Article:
Water-Colours.-By Kanu Desai.

‘The March to Dandi’ and ‘C-Class Prisoner’ were two pictures by Mr. Kanu Desai which attracted a loud attention when exhibited in Madras a year or two ago. One could see from these two pictures how young imaginative artists wonderfully react to the environing atmosphere. Now this youthful, but able artist has brought out a choice collection of his pictures into an album, beautifully printed and got-up. Every one of the reproductions speaks for itself, and displays fine imagination and sense of colour. The pose of every figure is unaffected and happily shows how the artist has thoroughly identified himself with his subjects. Mr. Kanu Desai is quite young. And the country can expect much from his brush in the coming years. Mr. Desai will be doing a great service to the country and its future if he will bring forth more pictures of the type of ‘Dandi March’ and ‘C-Class Prisoner.’ The present album should be in the hands of every picture-lover. Mr. Desai is really lucky in having secured Mr. N. C. Mehta, I. C. S., the well-known author of Studies of Indian Painting, to write a foreword.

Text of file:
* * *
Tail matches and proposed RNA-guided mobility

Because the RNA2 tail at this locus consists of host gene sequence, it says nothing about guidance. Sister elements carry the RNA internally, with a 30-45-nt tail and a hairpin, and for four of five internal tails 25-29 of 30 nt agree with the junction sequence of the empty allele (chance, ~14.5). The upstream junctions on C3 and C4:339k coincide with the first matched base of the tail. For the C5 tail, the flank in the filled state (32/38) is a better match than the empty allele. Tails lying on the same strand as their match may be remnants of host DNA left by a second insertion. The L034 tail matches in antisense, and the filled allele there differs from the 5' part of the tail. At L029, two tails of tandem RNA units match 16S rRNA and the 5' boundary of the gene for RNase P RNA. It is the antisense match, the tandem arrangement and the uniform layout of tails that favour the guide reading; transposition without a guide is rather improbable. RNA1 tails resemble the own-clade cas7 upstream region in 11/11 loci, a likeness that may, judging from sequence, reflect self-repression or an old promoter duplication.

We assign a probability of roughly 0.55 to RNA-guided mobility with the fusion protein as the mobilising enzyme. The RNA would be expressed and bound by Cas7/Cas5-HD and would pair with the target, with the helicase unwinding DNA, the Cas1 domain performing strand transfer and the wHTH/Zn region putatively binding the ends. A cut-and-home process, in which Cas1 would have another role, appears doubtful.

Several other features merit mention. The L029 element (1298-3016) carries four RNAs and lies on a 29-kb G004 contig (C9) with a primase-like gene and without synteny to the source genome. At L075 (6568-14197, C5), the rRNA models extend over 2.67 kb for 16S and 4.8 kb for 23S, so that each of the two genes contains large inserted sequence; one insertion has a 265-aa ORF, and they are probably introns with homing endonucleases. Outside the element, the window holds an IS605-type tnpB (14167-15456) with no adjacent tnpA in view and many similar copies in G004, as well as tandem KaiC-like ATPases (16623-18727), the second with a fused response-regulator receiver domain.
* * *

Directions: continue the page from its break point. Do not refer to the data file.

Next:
Kaye Raste.-By Chimanlal Jechand Shah, M. A. (Published by the Prasthan Office, Ahmedabad. Paper cover. Pp. 103. Illustrated.) Price Re. 1-8 as.

As the author of that scholastic work, Jainism in North India, Mr. Shah has established his claim to be a writer in the field of serious literature. But that this curious branch of literature alone does not monopolise his energy and his powers of observation can be seen from this work which consists of eight short stories, all relating to the problems of our domestic life. Widowhood, remarriage, spinsterhood, and other like questions are taken up here and treated in the form of short stories, which are as suggestive as they are interesting and graphic. Kaye Raste means "which way," and is meant as a query, as the writer wants to know which way our society is going. The pictures are expressive also.



Mandodari.–By C. K. Venkataramayya, M.A., LL.B., Bangalore, Price Re. 1-8as.